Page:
It does, of course, come down to definitions. And definitions, like much else, not least our moral values, are not quite as set in stone as many like to believe. Yes, of course we can redefine ‘marriage’. For many it means the union of a man and a woman. So why not redefine it and make it ‘the union of two people who love each other, irrespective of sex, and want their union publicly sanctified’? That would surely do the trick. Yet I can’t get away from the feeling that we are chasing down some blind alley ever faster for no very good reason.
I think, perhaps, that that word ‘equality’ is in part to blame, given the explanation my gay friend gave me. We all seem to think we know what it means, but in fact it is a little vaguer than we might like. For ‘equal’ doesn’t mean ‘the same as’: it does depend on context. So when it comes to pay and conditions, I believe utterly that a man and a woman who do the same job should be treated ‘equally’: that they get the same pay and conditions. Full stop. But patently a man is not ‘the same as’ a women. Each is unique.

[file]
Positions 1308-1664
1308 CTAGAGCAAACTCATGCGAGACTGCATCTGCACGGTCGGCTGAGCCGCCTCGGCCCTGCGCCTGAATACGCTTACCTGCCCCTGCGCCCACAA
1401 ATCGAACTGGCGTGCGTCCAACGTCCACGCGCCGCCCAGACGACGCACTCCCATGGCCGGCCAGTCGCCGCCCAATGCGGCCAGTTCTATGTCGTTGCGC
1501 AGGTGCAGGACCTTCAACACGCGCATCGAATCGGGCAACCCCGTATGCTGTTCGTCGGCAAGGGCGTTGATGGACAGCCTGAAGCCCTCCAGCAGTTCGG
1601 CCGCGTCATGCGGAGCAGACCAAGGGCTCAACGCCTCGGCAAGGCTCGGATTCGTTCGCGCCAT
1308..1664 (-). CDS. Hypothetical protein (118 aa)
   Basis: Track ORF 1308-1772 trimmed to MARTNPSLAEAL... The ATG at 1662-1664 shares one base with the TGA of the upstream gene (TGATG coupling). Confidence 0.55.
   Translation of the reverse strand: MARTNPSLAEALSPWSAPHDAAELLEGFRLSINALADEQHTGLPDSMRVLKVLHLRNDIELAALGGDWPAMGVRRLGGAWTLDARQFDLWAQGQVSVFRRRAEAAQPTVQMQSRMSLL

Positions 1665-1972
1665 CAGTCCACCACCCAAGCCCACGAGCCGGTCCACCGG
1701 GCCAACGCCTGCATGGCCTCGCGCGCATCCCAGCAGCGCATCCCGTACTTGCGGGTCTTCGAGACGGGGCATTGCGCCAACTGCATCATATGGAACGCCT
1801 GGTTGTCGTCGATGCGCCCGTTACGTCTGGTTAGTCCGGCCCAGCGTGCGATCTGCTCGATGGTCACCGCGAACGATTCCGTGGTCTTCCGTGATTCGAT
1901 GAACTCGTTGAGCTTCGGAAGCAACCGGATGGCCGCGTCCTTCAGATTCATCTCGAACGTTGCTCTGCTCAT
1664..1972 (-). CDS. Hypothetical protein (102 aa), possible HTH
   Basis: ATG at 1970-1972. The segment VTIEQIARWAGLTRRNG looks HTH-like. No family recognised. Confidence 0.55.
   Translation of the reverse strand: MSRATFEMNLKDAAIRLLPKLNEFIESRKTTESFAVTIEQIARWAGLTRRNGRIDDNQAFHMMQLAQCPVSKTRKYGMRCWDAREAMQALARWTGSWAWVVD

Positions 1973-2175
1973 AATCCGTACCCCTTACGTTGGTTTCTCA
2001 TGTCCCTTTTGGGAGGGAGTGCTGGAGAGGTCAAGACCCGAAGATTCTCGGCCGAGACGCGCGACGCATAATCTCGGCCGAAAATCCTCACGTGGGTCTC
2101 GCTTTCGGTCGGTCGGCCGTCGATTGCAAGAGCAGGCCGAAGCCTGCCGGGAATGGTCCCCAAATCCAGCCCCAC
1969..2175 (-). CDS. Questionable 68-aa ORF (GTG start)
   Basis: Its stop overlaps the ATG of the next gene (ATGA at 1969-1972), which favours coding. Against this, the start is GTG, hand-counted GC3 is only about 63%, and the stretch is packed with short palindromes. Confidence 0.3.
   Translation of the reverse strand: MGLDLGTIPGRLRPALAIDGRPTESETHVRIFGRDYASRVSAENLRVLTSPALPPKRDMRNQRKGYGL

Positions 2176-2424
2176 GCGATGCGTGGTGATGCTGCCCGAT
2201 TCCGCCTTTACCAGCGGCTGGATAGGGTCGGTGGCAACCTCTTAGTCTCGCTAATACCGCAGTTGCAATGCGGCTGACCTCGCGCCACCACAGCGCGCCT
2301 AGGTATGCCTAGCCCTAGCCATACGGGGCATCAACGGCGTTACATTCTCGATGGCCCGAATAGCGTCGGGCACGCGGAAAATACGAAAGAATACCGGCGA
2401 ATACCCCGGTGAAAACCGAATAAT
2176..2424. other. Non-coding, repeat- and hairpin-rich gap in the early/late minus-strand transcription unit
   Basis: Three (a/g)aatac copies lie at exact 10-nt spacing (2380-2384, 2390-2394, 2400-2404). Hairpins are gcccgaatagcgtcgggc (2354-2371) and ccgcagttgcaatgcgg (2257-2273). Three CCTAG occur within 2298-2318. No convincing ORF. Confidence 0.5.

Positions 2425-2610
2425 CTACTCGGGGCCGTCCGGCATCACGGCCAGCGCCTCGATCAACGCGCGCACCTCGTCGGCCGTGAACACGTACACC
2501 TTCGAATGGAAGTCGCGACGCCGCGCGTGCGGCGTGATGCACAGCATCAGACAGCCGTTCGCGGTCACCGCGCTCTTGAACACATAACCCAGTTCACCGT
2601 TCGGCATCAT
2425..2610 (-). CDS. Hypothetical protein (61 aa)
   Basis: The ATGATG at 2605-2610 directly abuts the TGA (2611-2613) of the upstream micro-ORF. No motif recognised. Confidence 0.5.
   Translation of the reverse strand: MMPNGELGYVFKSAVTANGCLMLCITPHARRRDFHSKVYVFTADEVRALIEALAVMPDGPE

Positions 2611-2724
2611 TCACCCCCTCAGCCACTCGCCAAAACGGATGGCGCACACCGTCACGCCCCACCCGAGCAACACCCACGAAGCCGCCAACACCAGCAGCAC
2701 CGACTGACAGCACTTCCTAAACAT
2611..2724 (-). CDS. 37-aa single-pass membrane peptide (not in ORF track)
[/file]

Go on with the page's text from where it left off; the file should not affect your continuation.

The issue here is that both should get ‘equal treatment’ when it matters (in itself far too vague a statement in the circumstances, though in my defence I should say that it’s almost 11pm).
I think much difficulty, and many difficulties, derive from the spurious equation of ‘equal’ with ‘the same as’. When we are talking of gays and heterosexuals, we should naturally point out that a gay couple is not able to produce offspring, whereas a heterosexual couple - in theory - can. (They might not fancy each other, hence the ‘in theory’). So in that sense a gay couple is not the same as a heterosexual couple. At this point you might, naturally, argue that ‘marriage need not necessarily imply the imperative to reproduce’. And to that I would be obliged to agree.